As part of a $7.5 billion federal program to promote the use of electric vehicles and reduce carbon emissions, Tesla Inc. is relinquishing part of its U.S. charging network developed by rivals will bring to market electric vehicles (EVs).
The plan could help Tesla become the global “filling station” of the EV era, but it could undermine the company’s competitive advantage for automobiles with access to the largest network of high-speed superchargers in the United States. There is danger.
The Biden administration said Tesla will open 3,500 new and existing Superchargers along highway corridors to non-Tesla customers by the end of 2024. In addition, 4,000 slow chargers will be installed at locations such as hotels and restaurants.
Biden tweeted that the proposal to open a “significant portion” of Tesla’s network to all drivers was “important” and would “make a significant difference.”
Tesla Chief Executive Officer Musk responded, “Thank you. Tesla is happy to promote other EVs through our Supercharger network.”
In building our EV charging network, we have to ensure that as many chargers work for as many drivers as possible.
That’s a big deal, and it’ll make a big difference. https://t.co/hb6pyVhtbg
— President Biden (@POTUS) February 15, 2023
A White House official told a briefing that Tesla would be eligible for subsidies, including retrofitting its existing fleet, as long as its chargers comply with CCS charging standards, which are backed by the federal government. .
The administration said Tesla has not committed to adopting CCS as its standard, but the company must meet conditions to qualify for federal funding.
Tesla’s 17,711 Superchargers account for more than 60% of all U.S. fast chargers, which can add hundreds of miles to a vehicle’s range in less than an hour. In addition, there are about 10,000 “floor” chargers equipped with Tesla plugs that can charge a vehicle overnight.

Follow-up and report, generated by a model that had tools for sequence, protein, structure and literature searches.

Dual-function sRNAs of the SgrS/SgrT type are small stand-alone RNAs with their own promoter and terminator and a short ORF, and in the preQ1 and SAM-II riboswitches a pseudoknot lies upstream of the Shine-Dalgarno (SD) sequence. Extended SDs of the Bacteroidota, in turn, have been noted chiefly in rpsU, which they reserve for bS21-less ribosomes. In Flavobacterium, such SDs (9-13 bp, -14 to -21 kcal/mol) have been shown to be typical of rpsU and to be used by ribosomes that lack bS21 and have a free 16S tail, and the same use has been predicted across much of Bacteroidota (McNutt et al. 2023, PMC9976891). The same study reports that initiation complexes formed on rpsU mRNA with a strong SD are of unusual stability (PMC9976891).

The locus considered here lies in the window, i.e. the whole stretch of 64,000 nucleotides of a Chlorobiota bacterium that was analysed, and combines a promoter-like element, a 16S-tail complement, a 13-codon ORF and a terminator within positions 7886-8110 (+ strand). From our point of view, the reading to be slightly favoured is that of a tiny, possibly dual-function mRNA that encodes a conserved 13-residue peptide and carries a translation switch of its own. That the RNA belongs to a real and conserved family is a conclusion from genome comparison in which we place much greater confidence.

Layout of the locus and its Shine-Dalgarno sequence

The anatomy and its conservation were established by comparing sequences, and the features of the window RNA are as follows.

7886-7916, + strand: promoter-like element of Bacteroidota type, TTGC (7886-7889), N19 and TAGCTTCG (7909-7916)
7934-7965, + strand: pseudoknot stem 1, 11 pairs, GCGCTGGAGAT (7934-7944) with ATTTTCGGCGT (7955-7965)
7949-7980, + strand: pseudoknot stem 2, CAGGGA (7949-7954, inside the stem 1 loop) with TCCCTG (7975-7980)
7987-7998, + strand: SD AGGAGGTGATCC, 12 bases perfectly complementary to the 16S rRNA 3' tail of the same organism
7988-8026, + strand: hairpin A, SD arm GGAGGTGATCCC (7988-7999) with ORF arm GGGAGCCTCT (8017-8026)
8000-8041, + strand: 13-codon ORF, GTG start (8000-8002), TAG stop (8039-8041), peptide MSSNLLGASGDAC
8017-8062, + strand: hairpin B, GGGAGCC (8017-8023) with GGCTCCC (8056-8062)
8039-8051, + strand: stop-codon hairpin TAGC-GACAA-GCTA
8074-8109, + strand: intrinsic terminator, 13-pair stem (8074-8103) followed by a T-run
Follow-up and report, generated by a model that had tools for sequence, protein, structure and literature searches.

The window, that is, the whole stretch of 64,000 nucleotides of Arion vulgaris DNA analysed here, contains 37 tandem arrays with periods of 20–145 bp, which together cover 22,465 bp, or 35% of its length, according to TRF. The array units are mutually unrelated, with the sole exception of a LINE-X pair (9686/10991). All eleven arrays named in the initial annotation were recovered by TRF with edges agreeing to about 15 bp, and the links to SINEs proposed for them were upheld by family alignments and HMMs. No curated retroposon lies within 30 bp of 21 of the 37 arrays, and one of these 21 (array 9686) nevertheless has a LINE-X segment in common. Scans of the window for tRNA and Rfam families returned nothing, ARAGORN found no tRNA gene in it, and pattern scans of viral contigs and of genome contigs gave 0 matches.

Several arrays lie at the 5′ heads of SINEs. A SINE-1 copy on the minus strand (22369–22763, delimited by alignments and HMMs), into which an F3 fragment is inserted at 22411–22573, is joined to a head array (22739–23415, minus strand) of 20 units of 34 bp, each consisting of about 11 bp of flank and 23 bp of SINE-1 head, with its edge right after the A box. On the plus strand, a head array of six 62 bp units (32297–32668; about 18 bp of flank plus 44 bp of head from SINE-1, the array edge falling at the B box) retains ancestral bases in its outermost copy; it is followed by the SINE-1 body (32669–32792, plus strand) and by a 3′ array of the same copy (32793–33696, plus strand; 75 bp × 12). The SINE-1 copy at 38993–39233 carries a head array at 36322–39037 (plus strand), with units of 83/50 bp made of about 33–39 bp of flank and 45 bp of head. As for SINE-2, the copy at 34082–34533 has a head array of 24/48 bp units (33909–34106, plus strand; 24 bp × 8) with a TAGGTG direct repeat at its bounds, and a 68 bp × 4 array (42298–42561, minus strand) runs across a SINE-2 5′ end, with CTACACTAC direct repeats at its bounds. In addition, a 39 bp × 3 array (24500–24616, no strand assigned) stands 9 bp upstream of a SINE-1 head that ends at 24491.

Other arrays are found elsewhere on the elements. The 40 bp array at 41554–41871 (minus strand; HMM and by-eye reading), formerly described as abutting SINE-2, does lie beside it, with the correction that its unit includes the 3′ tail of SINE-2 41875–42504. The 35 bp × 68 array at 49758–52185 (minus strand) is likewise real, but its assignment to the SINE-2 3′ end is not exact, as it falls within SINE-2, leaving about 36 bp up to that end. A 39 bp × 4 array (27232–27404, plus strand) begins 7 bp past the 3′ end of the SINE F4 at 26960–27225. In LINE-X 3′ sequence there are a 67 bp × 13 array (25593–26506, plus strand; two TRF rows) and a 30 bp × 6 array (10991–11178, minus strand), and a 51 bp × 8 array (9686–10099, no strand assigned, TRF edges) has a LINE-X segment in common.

Opening access to Tesla’s network would be an immediate win for the federal initiative to build 500,000 EV chargers by 2030, up from the current 130,000.
“Select Tesla Superchargers in the US will soon be available for all EVs,” Tesla announced on Twitter, without saying when, where, or how it would open its chargers. The company said it previously planned to more than triple its network of Superchargers in the United States by the end of 2024.
Select Tesla Superchargers across the US will soon be open to all EVs
— Tesla Charging (@TeslaCharging) February 15, 2023
Plug and pay
Companies seeking federal funds for the network must also use standardized payment solutions that require a single method of identification across all chargers, the administration said.
It was said that all EV drivers will have access to these stations through the Tesla app or website.
Adding non-Tesla owners may require a separate connector and payment method.
A White House official said Tesla has both the technology and software necessary for CCS. Musk said in 2021 that his charging network was not meant to “create a walled garden and use it to stop our competition.” Investors and USEV fans are waiting for Musk to take action on the Chargers. From 2021, the firm has made select Superchargers in Europe and Australia accessible to non-Tesla owners.
According to analysts, the federal funding at stake required Musk to either pursue the idea or risk competitors such as EVgo Inc. and ChargePoint Holdings Inc. taking over the market.
Analysts say that opening up Tesla’s networks could boost the automaker’s finances and revenue, but it could also undermine brand distinctiveness and make the network difficult to manage.